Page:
When certain criteria have been met, a potential customer can be categorized as ripe for a sale. At that point we contact sales who either close the deal or return the customer to marketing to be further nurtured.
In this way sales teams get their ideal purchase-ready customers, and avoid unnecessary footwork. Sales can focus on customers with the greatest likelihood of closing a sale. This is every salesperson’s dream.
The modern funnel doesn’t close once customers have parted with their money. The long-term courtship shouldn’t come to an end with the first order, rather the relationship should be cultivated. An existing customer has completely different needs from one who is still considering the first purchase, and therefore requires an entirely different approach. Marketing’s job is to keep the customer, strengthen the relationship, and aspire to make them a brand ambassador.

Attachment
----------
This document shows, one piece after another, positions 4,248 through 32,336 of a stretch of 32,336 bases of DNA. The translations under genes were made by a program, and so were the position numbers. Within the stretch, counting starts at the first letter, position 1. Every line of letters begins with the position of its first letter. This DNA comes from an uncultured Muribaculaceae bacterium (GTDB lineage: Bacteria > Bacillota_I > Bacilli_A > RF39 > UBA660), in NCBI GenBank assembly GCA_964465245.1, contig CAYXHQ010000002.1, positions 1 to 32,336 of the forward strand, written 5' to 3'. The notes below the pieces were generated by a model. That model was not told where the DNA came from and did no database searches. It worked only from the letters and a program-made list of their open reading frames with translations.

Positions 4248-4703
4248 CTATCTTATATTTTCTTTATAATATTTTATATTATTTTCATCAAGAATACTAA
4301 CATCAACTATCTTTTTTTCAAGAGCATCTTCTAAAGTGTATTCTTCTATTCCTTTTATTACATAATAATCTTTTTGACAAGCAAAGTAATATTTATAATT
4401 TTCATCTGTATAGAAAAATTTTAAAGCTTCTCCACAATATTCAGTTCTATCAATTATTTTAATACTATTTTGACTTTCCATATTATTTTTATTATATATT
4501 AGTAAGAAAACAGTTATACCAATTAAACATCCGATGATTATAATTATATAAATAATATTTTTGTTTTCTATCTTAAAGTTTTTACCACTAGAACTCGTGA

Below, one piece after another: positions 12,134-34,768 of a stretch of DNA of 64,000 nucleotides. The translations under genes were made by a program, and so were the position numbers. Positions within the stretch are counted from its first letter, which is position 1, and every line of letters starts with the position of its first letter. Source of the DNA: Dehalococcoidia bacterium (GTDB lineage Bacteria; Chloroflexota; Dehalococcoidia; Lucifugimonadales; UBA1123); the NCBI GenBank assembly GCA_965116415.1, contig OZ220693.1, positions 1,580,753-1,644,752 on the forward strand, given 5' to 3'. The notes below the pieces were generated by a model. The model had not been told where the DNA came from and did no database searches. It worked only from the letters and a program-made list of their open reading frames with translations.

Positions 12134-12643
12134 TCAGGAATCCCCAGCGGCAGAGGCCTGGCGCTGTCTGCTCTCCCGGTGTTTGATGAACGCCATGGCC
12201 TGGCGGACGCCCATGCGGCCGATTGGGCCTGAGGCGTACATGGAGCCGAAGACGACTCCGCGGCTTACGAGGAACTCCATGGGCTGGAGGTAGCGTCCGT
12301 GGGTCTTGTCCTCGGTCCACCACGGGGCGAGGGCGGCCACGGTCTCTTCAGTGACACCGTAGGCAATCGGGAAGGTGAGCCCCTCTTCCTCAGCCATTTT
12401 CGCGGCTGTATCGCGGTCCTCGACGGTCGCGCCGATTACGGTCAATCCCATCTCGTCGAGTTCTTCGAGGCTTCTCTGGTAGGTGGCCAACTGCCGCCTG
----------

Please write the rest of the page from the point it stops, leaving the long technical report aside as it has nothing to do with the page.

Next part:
Marketers make it to the corner office
Marketing has become a strategic pillar of business. Instead of merely running campaigns and brand marketing, marketing has become a driving force behind business activity, one that nurtures customers and pushes them through the funnel. Substantive expertise lies at the heart of business activity, but spreading the word about it has become even more important. If you understand your customers’ needs and know how to communicate effectively, you will be able to show what you can do.
CMOs will rise to be a crucial part of executive boards and will work with other business leaders to build better companies. People have less and less time so they need tailor-made solutions when they are considering a purchase. Selling takes place on the customers’ terms so understanding the customer is of immense value.
We’re already making use of data in marketing. It’s not yet completely watertight, for example, we’re still lagging behind in terms of bundling mobile devices with computers, but we are beginning to see a larger picture taking shape. We’re in the middle of an exciting phase in marketing. The period of wandering around with blindfolds on is nearing an end. I have the opportunity to understand our customers and to serve them even better. What could be more satisfying than that?